– encouraging the involvement of downstream and upstream operators of the agri-chains concerned (Chapter 9), e.g. for the supply of seeds, inputs, and adapted mechanized equipment;
– taking consumer needs and expectations into account in a short- and long-term prospective vision, promoting the marketing of productions based on agroecolog-ical practices, proposing standards to recognize products from systems that espouse environmental and social values (Chapter 15);
– encouraging policymakers to increase their political and institutional commitment to ensure support for local and territorial initiatives through appropriate political and legal frameworks (laws; regulations; economic, financial and fiscal instruments) (Chapters 10, 16 and 17).
These activities call for new profiles for development agents, facilitators and those providing support to these change-inducing multi-stakeholder innovation partner-ships or development networks. As a result, training and education mechanisms must also evolve in parallel to be able to provide training in the new jobs related to transition (Chapters 2, 5, 6, 7, 10, 14 and 16).
Innovation platforms: ensuring local support
The authors of many of the book’s chapters not only confirm the importance of local support but also highlight its difficulties and limitations (Chapters 1, 2, 10, 14, 15 and 17). At present, the most successful mechanisms pertain mainly to agricultural production at the farm scale and the regional agri-chain scale, and primarily involve farmers and their direct upstream and downstream contacts. The purpose of these support mechanisms is usually to contribute to the construction and exchange of knowledge between local actors and to the sharing of practices between them; facilitate collective action and the evolution of collaborative practices; catalyse the formation of relationships between multiple organizations; and facilitate action planning, moni-toring and evaluation, and capitalization.
Some of these platforms are part of the 21 platforms in partnership for research and training co-managed by CIRAD with its partners in the various countries of the Global South.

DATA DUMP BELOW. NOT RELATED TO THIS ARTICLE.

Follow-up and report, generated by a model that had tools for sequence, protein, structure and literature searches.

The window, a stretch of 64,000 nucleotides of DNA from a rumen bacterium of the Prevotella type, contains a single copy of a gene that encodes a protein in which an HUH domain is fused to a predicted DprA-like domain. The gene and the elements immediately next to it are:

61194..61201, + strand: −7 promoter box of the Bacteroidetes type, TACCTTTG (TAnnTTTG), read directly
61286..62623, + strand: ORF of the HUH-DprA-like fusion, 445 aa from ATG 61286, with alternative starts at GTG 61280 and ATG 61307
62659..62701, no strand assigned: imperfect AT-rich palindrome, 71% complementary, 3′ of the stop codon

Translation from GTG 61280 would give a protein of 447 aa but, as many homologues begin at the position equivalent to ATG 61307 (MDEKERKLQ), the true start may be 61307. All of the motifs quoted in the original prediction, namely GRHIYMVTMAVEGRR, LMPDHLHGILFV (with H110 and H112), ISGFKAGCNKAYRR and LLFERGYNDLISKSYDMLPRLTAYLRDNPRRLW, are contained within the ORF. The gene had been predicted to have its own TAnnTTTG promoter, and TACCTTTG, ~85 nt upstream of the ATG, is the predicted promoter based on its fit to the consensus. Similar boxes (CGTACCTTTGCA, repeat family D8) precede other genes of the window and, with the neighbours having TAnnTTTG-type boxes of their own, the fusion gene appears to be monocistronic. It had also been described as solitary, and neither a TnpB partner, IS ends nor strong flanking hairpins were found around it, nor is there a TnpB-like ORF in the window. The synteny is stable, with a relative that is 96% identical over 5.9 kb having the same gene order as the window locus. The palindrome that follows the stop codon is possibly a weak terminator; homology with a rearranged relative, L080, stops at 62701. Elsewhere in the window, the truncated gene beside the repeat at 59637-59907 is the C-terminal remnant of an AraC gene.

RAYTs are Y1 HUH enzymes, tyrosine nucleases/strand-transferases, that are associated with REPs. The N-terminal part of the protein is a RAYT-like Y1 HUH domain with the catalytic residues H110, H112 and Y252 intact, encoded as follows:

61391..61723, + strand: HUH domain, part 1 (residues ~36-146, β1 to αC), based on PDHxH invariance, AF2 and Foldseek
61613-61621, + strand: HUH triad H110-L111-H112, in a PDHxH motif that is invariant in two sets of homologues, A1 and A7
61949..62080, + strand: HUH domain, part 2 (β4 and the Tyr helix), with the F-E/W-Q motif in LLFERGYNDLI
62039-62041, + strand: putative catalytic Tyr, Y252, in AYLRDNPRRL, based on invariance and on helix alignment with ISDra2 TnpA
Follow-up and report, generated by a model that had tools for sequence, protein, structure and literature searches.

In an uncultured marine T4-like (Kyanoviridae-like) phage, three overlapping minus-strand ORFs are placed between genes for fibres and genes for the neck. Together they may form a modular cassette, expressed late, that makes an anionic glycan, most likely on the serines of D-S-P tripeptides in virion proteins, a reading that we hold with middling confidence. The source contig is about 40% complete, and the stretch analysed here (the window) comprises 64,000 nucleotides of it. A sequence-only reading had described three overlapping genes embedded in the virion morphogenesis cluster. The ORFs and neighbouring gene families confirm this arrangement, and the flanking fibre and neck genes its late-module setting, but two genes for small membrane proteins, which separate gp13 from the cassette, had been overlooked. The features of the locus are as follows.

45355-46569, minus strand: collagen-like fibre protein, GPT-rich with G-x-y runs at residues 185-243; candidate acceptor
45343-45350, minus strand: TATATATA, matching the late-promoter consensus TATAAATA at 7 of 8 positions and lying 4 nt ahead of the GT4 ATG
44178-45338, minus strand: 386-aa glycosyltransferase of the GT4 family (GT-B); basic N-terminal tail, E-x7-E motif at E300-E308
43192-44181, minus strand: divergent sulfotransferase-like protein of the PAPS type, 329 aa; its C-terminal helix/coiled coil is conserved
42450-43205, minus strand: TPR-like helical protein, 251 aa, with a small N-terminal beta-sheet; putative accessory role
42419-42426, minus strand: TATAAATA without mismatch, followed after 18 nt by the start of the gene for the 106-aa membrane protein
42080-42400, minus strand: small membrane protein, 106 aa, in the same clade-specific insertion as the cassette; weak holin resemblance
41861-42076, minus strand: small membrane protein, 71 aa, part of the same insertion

Strong contrasts are inherent to the agroecological transition and influence the oper-ationality of these innovation platforms:
– the long time required for learning new technical approaches based on agroecolog-ical concepts, for the construction of social and human capital and for the tangible expression of results are in stark contrast to the actors’ expectations of quick results so that they can satisfy development donors (Chapter 14);
– the actors have different and even divergent interests, which make it difficult to build a shared vision of the problems and their solutions.
While innovation platforms are able to stimulate local dynamics, they often struggle to take them to their conclusion in a short period. One solution can be to extend the life of these platforms beyond the completion of the projects concerned, so that the targeted objectives can be attained (Chapter 14). The studies have additionally shown that the objectives assigned to these mechanisms need to be clarified and defined more precisely. This would make it possible to identify and deploy the type of coor-dination mechanism between actors that is most suited to each situation (platform, network, innovation partnership). And doing it at different scales (local, regional, national) would make it possible to address the issues relevant at each territorial level with the appropriate actors. The results also underscore the need to renew forms of support for and funding of platforms, so that they are made more flexible, focused on strengthening collaborative and cognitive processes, and not just on obtaining tech-nical and economic results (Chapters 10 and 14). Finally, all the experiments carried out show the importance of building up the capacities of the individuals in charge of undertaking innovation: the producers themselves, of course, but also the other agents of change (technicians, agricultural advisers, trainers and even rural leaders). These (re)orientations and adaptations will make these mechanisms more effective and facilitate the agroecological transition.
Territorial mechanisms: invoking the territory and policymakingOne of the key elements of development is the best possible use of resources available in a territory through the implementation of renewed approaches (Caron et al., 2017). Territorial mechanisms try to respond to this need for accompanying the agroecolog-ical transition (Chapter 16). They complement the functions provided by innovation platforms because they are focused on the territory, its specificities and its political context. Their organizational and institutional processes and frameworks (governance) pertain to political spheres and markets, and are little concerned with biotechnical processes. The territorial mechanism constitutes in itself an institutional arrangement formalized between territorial actors, and an intentional assembly of heterogeneous elements (norms, discourses, practices, instruments, tools, organizational structures, knowledge, etc.). The whole is designed to address a shared purpose in the terri-tory: encouraging, supporting, and consolidating the agroecological transition by leveraging local knowledge and the territory’s resources, by fostering collaborations